‘The Blood of Heroes Never Dies’
Special to The Dallas Examiner | 11/12/2018, 6:28 a.m.
Special to The Dallas Examiner
In November 2015, Richland College was home to a sea of 5,171 red ceramic poppies – one poppy for every Texas soldier killed in World War I. A lone white poppy represented the single Texas nurse reported to have also perished. The exhibit was dedicated during the college’s Veterans Day ceremony.
“In 2015, The Blood of Heroes Never Dies challenged the Richland community to create a memorial honoring Texas soldiers killed in World War I,” said ceramics faculty member Jen Rose. “This educated the participants about the historical importance of the war and allowed people of different backgrounds, ethnicities and ages to share an experience together. In the process of uniting to honor veterans, we discovered our humanity and remembered their sacrifice.”
This year, Richland will honor Veterans Day with a rededication of its poppy exhibit, The Blood of Heroes Never Dies, Nov. 12 at noon on the east side of Thunderduck Lake near Fannin Hall. The college is located at 12800 Abrams Road.
The original exhibit was the only one of its kind in the U.S. and was modeled after the iconic Blood Swept Lands and Seas of Red poppies exhibit at the Tower of London in 2014, during which 888,246 ceramic red poppies were on display in the tower’s moat to commemorate the British and colonial servicemen killed in World War I.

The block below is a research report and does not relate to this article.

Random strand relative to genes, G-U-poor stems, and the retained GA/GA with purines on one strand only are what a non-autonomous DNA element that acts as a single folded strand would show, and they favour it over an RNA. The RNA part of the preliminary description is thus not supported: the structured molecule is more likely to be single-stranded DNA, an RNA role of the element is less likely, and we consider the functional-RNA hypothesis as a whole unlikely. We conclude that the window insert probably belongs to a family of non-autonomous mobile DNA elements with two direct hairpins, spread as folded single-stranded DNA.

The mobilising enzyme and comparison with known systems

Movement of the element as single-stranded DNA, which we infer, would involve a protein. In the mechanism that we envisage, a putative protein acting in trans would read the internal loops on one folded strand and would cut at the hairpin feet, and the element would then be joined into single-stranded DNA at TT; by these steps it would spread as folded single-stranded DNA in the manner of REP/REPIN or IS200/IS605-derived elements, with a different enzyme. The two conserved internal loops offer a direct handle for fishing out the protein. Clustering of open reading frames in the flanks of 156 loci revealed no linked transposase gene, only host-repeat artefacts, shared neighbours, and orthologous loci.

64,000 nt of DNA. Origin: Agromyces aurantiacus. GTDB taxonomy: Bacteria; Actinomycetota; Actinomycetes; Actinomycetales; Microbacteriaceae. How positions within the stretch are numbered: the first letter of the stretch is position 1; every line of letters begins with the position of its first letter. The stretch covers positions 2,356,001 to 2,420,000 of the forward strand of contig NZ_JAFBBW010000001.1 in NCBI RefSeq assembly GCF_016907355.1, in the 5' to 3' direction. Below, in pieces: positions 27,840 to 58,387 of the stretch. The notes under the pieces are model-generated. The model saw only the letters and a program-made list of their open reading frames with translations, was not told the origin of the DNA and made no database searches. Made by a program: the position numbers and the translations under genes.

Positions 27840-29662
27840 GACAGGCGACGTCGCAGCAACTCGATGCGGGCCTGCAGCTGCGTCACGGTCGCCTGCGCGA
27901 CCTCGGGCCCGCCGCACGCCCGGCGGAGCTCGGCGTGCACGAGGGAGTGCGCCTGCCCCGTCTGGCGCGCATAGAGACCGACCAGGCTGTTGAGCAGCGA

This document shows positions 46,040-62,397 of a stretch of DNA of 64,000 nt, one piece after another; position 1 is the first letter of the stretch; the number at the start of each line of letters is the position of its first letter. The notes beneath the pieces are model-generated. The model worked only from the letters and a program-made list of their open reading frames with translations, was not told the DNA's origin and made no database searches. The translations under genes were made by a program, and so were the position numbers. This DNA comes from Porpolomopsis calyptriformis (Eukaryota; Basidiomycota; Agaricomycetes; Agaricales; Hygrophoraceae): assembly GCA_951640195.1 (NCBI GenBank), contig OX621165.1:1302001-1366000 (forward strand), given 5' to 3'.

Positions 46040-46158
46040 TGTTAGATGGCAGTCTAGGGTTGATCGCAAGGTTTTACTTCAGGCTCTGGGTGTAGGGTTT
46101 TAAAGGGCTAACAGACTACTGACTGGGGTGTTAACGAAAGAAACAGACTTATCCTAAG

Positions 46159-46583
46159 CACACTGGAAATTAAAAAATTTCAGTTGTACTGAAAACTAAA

“The genesis of the symbolic connection of the poppy with commemorating veterans arose from a 1915 World War I poem, In Flanders Fields, which emphasized poppies in its theme, and has become one of the most well-known war poems to emerge from any modern conflict,” said Siegle.
“The 2015 Blood of Heroes project was meant not only to honor veterans of all wars, but to coincide with a centenary anniversary year of both World War I, and the year the Flanders Fields poem, with its iconic poppy references, was written. This year has particular significance for revisiting and reaffirming the ongoing vision of the Blood of Heroes project because this Veterans Day marks the 100th anniversary of the end of that war, which cost this nation more than 323,000 casualties, and this state 5,171 of its heroes.”
Remembrances, or memorial poppies, have been used since 1921 to commemorate soldiers who have died in wars. In Flanders Fields was penned by Lt. Col. John McCrae. However, McCrae did not survive the war and perished in January 1918.
Yet his poem lived on and inspired YMCA volunteer and teacher Moina Belle Michael always to remember those who died in the war and to write her pledge in the form of a poem, We Shall Keep the Faith. Rose and Siegle chose the passage from the ninth line of Michael’s poem – “The blood of heroes never dies” – as the theme for this memorial art installation project.
After the exhibit of the original 2015 display, some of the ceramic poppies traveled to Georgetown, where they were installed as part of the city’s annual Red Poppy Festival. The poppies were offered for sale in both Dallas and Georgetown for $10 each, with proceeds donated to Puppies Behind Bars, a nonprofit group that trains inmates to raise service dogs for wounded veterans. The organization received more than $25,000 from the poppy sales.